Lost and confused

Oh. My. God. I got SO lost yesterday. I mean, in a completely surreal way that almost never happens to me. It wasn’t just a “I don’t know where this road goes” lost. It was a “I cannot tell up from down” kind of lost. Completely disorienting. There were tears involved.

The last time I remember being so lost, it was in Yorkshire, my first day–no, my first HOUR of driving on the left side of the road, where the first thing I did was turn right instead of left, and ended up in The Shambles. Here’s a hint. Medieval streets–not designed for even compact automobiles.

So, I take any street that will get me out of there, end up God knows where, because the English don’t believe in road signs, and I’m suddenly out in the country, heading for the Scottish border for all I knew. Finally I stop in this pub, which is awesomely like something out of James Herriot, only I can’t appreciate it, because I’m that lost. Even more awesome are these three old guys sitting at the bar having a pint. I walk in with my map, and the first guy says, in an accent that I simply cannot do justice in text, and an unholy twinkle of laughter in his eye: “Well, now, who’s lost, then.”

So these guys proceed to give me directions that also include no street names. “Go back, past the big field with the stone wall and two traffic circles, and after you pass the big Tesco (not the little one), turn right.” And the other guy: “No, are you daft, don’t send her that way, she’ll end up in Scotland.” And the publican: “Are you sure you don’t want to just sit down and have a pint.”

Tempting, very tempting. I wouldn’t have helped my problem (would have only made it worse, actually), but I would have felt better for awhile.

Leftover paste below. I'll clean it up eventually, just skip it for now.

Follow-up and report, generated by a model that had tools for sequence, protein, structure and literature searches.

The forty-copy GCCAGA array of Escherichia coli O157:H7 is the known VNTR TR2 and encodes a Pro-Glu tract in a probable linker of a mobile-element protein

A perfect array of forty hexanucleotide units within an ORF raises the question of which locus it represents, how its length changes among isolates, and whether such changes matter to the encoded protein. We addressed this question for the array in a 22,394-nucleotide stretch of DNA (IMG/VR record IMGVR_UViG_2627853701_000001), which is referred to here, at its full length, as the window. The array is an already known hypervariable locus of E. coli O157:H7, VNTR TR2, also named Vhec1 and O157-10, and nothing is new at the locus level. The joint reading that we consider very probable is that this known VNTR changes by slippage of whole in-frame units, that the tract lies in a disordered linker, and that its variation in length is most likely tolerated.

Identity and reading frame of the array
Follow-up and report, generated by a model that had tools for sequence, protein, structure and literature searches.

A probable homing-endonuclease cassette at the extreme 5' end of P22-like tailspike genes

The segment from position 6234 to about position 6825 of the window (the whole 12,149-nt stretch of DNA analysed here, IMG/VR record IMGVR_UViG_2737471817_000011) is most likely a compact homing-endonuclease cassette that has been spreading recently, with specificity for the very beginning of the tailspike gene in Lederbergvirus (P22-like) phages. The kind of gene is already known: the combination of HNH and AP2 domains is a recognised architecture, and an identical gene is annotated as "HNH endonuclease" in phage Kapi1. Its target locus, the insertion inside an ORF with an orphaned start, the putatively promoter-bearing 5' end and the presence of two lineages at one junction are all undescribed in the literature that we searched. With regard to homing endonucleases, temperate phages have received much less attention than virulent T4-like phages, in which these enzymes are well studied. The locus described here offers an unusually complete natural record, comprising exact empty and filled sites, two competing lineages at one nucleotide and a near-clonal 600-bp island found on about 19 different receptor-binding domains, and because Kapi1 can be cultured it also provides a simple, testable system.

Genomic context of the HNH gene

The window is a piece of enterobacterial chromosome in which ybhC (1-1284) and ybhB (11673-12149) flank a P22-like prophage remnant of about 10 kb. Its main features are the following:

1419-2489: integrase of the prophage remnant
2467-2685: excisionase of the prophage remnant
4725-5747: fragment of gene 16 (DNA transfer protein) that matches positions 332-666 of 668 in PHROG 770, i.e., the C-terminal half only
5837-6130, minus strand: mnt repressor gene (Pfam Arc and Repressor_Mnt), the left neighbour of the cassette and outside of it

The only other time I was that lost was in college, on an orienteering exercise in Fort Sill, OK. I was actually pretty good at orienteering, I just wasn’t fast. (These legs don’t cover ground very quickly; when I worked in teams, on of my strides equaled half of anyone elses.) But this one time, I got so turned around that I didn’t know up from down. It’s actually rather terrifying, being THAT disorientated. Especially out in the wilderness of Oklahoma, with the sun going down, worrying about falling off a bluff, or artillery exercises, or maybe just the ghost of Geronimo.

Maybe it so upsetting to me because it doesn’t happen to me very often. I don’t have a perfect sense of cardinal directions (that’s what a compass is for) but usually I’m decent at seeing spatial relationships in my head. But when that breaks down, boy, it does it with a vengeance!

What about you guys? Could you get lost in your own house? Or are you one of those people who always knows where you are? Does it upset you to get lost, or is that all part of the journey for you?

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